In Glenlochay, about 3 miles from Killin in a clearing in the wood, can be seen the ruins of a cottage, where dwelt a well-known weaver. One Hogmanay he was returning home when whom should he meet but the Devil! Of course he took to his heels and ran for his life in the direction of home, and the Devil after him. Just as he had almost reached the door the Gentleman with the Horns made a snatch at him, but the weaver ducked, the Devil missed and his hand struck a tree and left its print on the trunk, where it was to be seen for many a day and especially many a night, for it shone in the dark! Quite near the weaver’s house there lies a black, sinister-looking pool in the River Lochay, overshadowed by a high cliff and there, we are told, the last bear to be killed in Scotland met his end – at the hands of a housewife! In by-gone days a house stood a little back from the edge of the precipice, and one morning the goodwife was bending over the fire stirring the porridge when she heard a sound, and turning round beheld the bear standing in the door looking hungrily in. With great presence of mind she turned and seized the boiling porridge pot and dashed its contents full in Bruin’s face. With a howl of pain and terror he turned and blundered away. Blinded and in agony he plunged over the precipice and was drowned in the black pool below.

Seasonal Customs

Harvest

At harvest time the last sheaf to be cut, called the “maiden” was brought into the house, sometimes decorated with ribbons etc., and hung above the fireplace. There it remained until the first furrow of the new season’s ploughing was to be cut. Then it was taken down and fed to the horses before being yoked. On a few farms it was only the coming of the tractor that brought an end to this quaint custom, which probably came down to us from pagan times.

Beltane Fires

In those far-off days also originated the burning of Beltane Fires by the youth of the village. This continued till about 100 years ago, and the place where these fires were lit is still known as “Cnoc-an-Teine” or the Knoll of the Fire.

Hallowe’en

Hallowe’en until about fifty years ago celebrated “old style” on the 11th November, was another occasion for “high jinks” on the part of the youth of the village and gave an opportunity of avenging grudges harboured against their elders. Garden gates, ladders, wheel-barrows or other portable articles would be removed – not stolen – but deposited perhaps a couple of miles away in some inaccessible place; a particularly annoying trick was to separate the body and wheels of a cart and trundle the latter away to another farm a mile away and hide them in a clump of bushes.

Wedding Customs

When a young man chose a bride he invited a friend to go with him in asking for her hand and to help him to arrange about the dowry. If the father was a farmer this would probably consist of a few head of stock. The bride provided her own trousseau and household plenishments such as linen and blankets, but the bridegroom presented her with her wedding shoes or boots! The wedding was always held in the bride’s home and never in Church, and the invited guests frequently contributed towards the feast – fowls, legs of mutton, “kebbucks” of cheese and great bakings of bannocks. The ‘piece de resistance’ was a huge pot of thick broth made with stock and barley without vegetables called in Gaelic “cnotan bainnse” or “marriage broth” and of course there were copious potations of “mountain dew”. The bridegroom’s party would assemble at his home and, headed by a piper, march to the bride’s home. At one time the bridegroom went to his wedding with all the knots and ties on his clothing undone in token that he renounced all former ties. If the weather permitted the ceremony might be performed out of doors and after the feast there would be dancing in the barn till morning. It was the custom to fire a gun in the air for luck after.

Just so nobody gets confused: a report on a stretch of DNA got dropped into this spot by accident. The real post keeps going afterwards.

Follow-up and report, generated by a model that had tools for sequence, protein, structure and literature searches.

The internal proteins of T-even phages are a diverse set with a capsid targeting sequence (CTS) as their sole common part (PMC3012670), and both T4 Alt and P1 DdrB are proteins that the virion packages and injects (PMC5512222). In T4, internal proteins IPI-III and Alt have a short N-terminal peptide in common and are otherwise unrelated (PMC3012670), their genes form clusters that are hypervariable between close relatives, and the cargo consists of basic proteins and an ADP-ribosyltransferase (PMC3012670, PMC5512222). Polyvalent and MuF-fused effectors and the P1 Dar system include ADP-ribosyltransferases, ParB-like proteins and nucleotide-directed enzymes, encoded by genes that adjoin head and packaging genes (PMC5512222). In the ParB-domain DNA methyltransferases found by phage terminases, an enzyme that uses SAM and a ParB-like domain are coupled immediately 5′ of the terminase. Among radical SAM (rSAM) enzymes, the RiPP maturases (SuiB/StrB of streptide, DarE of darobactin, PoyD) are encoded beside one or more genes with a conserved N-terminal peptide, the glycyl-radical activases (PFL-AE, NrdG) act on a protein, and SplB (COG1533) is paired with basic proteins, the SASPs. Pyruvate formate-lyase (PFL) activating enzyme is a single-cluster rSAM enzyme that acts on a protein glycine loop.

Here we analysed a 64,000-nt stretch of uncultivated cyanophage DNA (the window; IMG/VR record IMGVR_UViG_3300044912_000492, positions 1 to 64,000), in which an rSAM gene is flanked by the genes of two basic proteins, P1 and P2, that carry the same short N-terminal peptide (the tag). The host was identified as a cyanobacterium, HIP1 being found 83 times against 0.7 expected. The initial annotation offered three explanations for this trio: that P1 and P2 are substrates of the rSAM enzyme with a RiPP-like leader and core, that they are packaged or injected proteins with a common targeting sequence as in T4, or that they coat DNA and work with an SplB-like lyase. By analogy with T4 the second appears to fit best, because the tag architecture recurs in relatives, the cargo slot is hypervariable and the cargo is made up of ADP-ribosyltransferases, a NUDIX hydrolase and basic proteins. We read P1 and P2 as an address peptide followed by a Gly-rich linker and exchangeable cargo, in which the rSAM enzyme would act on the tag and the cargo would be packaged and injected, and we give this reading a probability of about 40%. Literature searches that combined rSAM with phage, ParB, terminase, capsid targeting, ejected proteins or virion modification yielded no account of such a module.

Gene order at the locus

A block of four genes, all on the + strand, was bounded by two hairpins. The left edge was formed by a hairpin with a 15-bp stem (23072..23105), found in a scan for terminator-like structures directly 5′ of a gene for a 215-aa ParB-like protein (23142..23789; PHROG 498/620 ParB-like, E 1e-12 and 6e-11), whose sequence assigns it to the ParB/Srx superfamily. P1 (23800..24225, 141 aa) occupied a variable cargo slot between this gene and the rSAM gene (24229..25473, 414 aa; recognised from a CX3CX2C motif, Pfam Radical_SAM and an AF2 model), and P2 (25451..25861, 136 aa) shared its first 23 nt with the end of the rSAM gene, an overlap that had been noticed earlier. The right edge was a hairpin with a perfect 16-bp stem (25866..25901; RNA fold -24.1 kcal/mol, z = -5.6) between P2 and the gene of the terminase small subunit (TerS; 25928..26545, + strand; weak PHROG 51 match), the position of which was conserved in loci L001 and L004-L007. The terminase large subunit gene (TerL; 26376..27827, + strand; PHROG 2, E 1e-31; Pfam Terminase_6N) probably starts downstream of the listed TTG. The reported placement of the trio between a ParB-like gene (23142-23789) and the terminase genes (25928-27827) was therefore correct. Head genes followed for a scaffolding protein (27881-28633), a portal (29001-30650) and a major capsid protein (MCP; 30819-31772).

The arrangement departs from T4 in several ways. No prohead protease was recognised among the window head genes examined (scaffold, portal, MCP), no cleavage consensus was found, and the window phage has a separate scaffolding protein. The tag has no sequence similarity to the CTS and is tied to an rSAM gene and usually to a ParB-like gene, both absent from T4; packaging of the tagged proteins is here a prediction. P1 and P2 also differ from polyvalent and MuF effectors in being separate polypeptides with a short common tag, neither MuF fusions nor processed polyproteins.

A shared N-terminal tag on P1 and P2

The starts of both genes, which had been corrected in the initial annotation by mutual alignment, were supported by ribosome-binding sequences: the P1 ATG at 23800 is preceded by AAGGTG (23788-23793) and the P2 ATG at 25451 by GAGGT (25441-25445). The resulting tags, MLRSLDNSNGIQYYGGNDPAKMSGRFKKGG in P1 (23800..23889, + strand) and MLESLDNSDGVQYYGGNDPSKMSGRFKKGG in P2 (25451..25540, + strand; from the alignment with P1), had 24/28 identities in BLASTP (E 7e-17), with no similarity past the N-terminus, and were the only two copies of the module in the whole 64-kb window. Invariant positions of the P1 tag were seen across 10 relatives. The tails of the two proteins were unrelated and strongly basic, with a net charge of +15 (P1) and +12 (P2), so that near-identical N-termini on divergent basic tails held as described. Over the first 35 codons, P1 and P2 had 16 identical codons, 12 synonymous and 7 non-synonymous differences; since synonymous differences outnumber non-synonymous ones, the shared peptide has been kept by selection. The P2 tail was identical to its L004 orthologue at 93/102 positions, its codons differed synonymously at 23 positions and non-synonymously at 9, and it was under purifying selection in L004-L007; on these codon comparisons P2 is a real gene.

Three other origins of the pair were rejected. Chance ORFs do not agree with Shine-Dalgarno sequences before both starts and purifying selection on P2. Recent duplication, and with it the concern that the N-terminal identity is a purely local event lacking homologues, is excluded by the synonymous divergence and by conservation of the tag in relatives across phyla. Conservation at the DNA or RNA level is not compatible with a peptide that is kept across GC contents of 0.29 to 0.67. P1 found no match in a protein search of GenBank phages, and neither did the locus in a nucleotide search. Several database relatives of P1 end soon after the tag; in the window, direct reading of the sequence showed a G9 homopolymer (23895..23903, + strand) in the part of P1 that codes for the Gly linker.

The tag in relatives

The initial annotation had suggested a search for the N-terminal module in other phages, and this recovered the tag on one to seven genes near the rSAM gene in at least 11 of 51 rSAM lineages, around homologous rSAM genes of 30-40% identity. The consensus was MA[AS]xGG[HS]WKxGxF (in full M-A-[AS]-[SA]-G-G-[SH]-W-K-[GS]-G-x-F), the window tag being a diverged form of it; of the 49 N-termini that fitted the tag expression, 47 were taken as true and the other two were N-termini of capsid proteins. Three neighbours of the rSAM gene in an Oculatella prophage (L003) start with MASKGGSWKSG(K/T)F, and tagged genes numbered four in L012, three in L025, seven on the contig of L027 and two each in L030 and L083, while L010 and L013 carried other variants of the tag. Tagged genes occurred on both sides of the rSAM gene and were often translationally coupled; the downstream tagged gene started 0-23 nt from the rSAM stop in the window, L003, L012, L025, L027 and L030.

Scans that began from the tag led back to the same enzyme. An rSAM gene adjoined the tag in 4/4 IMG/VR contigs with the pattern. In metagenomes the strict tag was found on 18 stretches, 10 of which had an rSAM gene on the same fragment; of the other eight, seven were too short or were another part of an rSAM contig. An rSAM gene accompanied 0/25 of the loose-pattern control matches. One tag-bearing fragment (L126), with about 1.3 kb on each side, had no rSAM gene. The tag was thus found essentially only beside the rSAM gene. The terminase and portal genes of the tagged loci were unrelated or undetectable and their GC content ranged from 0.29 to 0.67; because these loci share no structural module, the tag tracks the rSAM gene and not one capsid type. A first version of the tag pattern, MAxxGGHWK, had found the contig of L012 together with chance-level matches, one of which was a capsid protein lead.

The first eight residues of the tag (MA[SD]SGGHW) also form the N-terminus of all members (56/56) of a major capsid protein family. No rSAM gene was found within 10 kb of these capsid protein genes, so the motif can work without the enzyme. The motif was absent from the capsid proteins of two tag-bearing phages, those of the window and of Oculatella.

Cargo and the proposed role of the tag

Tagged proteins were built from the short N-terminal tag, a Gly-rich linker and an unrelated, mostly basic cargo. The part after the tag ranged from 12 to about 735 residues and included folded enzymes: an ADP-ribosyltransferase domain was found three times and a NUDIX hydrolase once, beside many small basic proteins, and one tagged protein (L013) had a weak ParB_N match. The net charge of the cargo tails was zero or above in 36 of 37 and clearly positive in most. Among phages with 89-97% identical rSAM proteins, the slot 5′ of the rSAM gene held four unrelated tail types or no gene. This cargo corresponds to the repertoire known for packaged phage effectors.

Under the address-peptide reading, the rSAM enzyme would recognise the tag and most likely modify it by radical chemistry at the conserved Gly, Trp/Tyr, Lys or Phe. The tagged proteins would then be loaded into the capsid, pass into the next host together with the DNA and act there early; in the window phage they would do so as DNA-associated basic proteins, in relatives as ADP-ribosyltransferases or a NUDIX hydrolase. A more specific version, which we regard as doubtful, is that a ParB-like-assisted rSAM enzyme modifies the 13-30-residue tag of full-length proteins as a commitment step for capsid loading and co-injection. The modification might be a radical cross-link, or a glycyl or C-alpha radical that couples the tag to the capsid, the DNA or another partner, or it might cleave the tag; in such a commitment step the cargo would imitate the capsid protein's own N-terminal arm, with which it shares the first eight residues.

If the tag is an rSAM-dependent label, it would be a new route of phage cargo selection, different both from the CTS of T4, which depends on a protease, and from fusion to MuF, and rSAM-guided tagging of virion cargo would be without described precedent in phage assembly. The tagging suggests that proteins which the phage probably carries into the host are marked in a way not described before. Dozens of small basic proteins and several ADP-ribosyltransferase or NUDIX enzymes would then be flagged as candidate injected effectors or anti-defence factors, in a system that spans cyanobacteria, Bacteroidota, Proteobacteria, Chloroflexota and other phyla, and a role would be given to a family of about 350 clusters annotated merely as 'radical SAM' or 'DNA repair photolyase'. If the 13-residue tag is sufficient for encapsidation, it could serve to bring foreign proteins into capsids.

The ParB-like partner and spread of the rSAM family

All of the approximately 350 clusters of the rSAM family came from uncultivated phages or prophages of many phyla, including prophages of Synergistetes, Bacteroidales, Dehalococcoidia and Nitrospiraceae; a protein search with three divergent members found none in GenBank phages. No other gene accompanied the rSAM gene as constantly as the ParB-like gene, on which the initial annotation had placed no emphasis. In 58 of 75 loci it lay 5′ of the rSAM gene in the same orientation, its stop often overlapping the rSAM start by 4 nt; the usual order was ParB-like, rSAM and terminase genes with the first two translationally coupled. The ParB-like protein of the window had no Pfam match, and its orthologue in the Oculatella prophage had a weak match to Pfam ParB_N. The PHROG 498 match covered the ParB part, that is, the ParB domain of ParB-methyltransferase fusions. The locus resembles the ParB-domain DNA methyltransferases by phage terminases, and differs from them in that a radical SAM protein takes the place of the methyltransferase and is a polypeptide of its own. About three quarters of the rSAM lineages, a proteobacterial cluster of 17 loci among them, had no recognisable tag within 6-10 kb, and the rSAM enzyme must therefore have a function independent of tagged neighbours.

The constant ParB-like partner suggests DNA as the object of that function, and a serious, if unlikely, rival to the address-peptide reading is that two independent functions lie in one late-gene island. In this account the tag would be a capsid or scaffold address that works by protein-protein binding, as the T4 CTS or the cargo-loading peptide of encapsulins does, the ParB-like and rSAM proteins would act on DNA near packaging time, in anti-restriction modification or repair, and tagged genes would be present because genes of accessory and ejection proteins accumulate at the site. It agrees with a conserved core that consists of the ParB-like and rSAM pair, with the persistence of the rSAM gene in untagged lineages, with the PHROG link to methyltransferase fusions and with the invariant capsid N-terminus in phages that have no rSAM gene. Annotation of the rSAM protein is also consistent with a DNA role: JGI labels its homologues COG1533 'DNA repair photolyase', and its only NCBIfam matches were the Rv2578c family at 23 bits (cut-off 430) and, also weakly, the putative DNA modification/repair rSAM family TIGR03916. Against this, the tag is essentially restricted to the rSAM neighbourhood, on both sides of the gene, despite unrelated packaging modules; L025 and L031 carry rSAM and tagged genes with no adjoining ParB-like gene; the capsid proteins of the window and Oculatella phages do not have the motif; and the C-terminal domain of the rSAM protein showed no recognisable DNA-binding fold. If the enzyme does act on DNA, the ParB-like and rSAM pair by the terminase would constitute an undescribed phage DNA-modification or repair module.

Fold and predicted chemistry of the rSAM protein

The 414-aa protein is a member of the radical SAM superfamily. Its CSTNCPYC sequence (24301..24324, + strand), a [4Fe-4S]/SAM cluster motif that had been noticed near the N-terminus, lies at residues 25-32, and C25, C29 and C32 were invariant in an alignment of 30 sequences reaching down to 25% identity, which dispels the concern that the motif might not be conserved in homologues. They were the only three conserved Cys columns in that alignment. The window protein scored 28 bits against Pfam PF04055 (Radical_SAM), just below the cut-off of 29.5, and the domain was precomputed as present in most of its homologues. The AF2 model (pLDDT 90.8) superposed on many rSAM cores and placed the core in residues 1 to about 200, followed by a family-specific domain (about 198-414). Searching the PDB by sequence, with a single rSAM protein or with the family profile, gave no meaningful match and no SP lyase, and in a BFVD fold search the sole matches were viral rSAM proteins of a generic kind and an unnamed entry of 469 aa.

A  village history – Killin by Ella Walker 1905 – 1996

  • wakefieldfhs

    I was hoping that someone with local knowledge could possibly help. My relative, Alexander Riach, a mason, was living in Killin at the time of the 1871 census, at 2 Hut, with his family and a few lodgers. I was wondering were there any works going on at the time that would need a man like Alexander, or was the bridge being built or repaired. He was a very experienced mason and had years of experience with cranes, needed for such employment. He later worked on Kew Bridge, London.

    Another question, where would 2 Hut be, would they be temporary housing for people doing work at a specific place?

    Hope someone can add a few answers to my questions,

    Thank you
    Carol

    • Ben Lawers

      I passed this along to Gillean Ford of the Killin Heritage Society who had this info:
      It must be to do with the constructionof the Callander to Oban railway. The first stage of that was to the top of
      Glen Ogle, which was known as Killin Station, despite it being a few miles fromthe village. This first stretch of the railway was opened on 1st June 1870. The 1871 census has huts, including one ‘hut at Station” ie Killin Station. Others folks are listed as ‘railwaylabourers’.

      By1871 they would have begun work on the next stretch of the line towards Crianlarich. When you walk the route there are many areas of stone walls, cuttings, bridges etc so a Black Smith Mason would have had plenty of work to do. The huts would be for labourers working on the construction. Some would have their families with them and the wife would feed the lodgers etc. These huts would provide very basic dormitory type accommodation for the labourers who are listed as ‘lodgers’. The huts were often taken apart and moved to another stretch of the construction route and rebuilt.

      The 1871 census includes hundreds of folk working on the Callander to Oban railway at that time, all
      registered as living in Killin. Huts 1 to 8, Main Hut, Hut at Station, Line 2 Hut Cookwell, Line 3 Hut Contmore, Line Raby Hut, Price RabyHut & so on. All these must have been on the route of the next stage of the
      line from Glen Ogle westwards. The Riachfamily were one of many, mainly from all over Scotland and England, who worked on the construction of the railway and where the wife cooked, cleaned, laundered etc for the lodgers. Number of lodgers varied from one to 17.

      • wakefieldfhs

        Thank you very much for your reply.